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How to Optimize Your Website for Mobile Users?

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Have you made sure that your site is mobile-friendly?

Did you know that Google introduced a new policy called Mobile-First?

More and more web users are shifting away from desktop computers, and instead, browse and shop using their mobile devices.

Responsive web design has made it possible to create sites that work across all platforms on an even level. But, even then, responsive design is only a fraction of UX optimization strategies for mobile.

If you want true performance optimization, you’ll have to consider other alternatives, too.

This is why there is such a strong emphasis on building your site as a mobile-first experience. In simple terms, mobile-first means that your design, and content, is optimized for mobile users first.

That being said, this post is not about designing an entirely new site. Instead, we’re going to be looking at some fundamental mobile-first design principles. And, spend some time focusing on technicalities for optimizing the user experience for your mobile users.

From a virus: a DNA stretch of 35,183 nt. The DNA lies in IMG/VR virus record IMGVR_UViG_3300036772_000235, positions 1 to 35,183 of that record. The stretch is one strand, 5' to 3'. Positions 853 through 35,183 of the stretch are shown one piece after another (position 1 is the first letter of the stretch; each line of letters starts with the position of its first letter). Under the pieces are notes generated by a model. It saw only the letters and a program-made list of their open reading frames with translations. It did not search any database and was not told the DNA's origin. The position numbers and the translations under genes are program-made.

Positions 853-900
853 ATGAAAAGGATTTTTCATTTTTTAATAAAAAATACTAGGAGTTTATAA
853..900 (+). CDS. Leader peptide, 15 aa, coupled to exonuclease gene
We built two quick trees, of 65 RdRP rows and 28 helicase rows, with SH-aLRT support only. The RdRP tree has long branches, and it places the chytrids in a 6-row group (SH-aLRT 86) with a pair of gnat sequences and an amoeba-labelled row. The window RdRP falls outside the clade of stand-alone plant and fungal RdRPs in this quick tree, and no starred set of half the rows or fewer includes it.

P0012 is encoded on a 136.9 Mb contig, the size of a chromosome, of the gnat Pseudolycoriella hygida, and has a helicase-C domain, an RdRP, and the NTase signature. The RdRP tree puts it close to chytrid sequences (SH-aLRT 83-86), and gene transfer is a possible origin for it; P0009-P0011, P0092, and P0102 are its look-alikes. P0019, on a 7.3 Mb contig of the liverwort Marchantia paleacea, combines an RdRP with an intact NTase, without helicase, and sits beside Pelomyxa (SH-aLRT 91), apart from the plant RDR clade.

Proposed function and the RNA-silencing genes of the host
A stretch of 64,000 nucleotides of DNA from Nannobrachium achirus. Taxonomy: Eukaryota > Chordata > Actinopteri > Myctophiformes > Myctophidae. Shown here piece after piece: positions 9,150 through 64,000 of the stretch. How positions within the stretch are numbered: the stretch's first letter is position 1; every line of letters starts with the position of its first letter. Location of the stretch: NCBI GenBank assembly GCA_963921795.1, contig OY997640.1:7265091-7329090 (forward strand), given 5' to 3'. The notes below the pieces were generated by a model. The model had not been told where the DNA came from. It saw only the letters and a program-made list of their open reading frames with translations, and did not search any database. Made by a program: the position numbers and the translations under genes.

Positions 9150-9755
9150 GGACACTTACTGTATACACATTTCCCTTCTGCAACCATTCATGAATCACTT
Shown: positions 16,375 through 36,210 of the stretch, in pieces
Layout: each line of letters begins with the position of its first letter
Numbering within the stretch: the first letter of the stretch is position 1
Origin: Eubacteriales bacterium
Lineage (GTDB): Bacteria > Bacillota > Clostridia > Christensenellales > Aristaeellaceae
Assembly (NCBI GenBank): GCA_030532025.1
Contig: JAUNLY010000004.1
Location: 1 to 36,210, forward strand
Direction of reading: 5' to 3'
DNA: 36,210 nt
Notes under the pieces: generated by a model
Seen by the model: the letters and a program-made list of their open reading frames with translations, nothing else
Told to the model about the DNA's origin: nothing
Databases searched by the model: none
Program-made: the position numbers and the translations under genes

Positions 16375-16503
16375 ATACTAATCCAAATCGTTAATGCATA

#1: Designing with mobile in mind

The web is built largely on the principle of serving desktop users. The real web, the real advancements in technologies, is best displayed on a beautiful full-screen display. But, smartphones and other mobile devices are a thing, and it’s time to start adapting to the concept of mobile-first design.

Other than the common-sense responsive design, what other design elements you ought to implement in your mobile-first web designs?

  • Prioritization. Mobile screens are limited to the available display space. Also, mobile screens present content in a vertical manner opposed to much wider — horizontal — structure for desktops. This means that you must design using prioritization. Which elements are of utmost importance for users to see? If there are CTA buttons, how easy it is to see them for the mobile user?
  • Content first. Color second. You can do some interesting things with mobile design, but certainly not in the scope of desktop design. So, give way to content first. Make your copy and other content parts easily readable and accessible. A mobile screen is much less forgiving on distracting visual elements.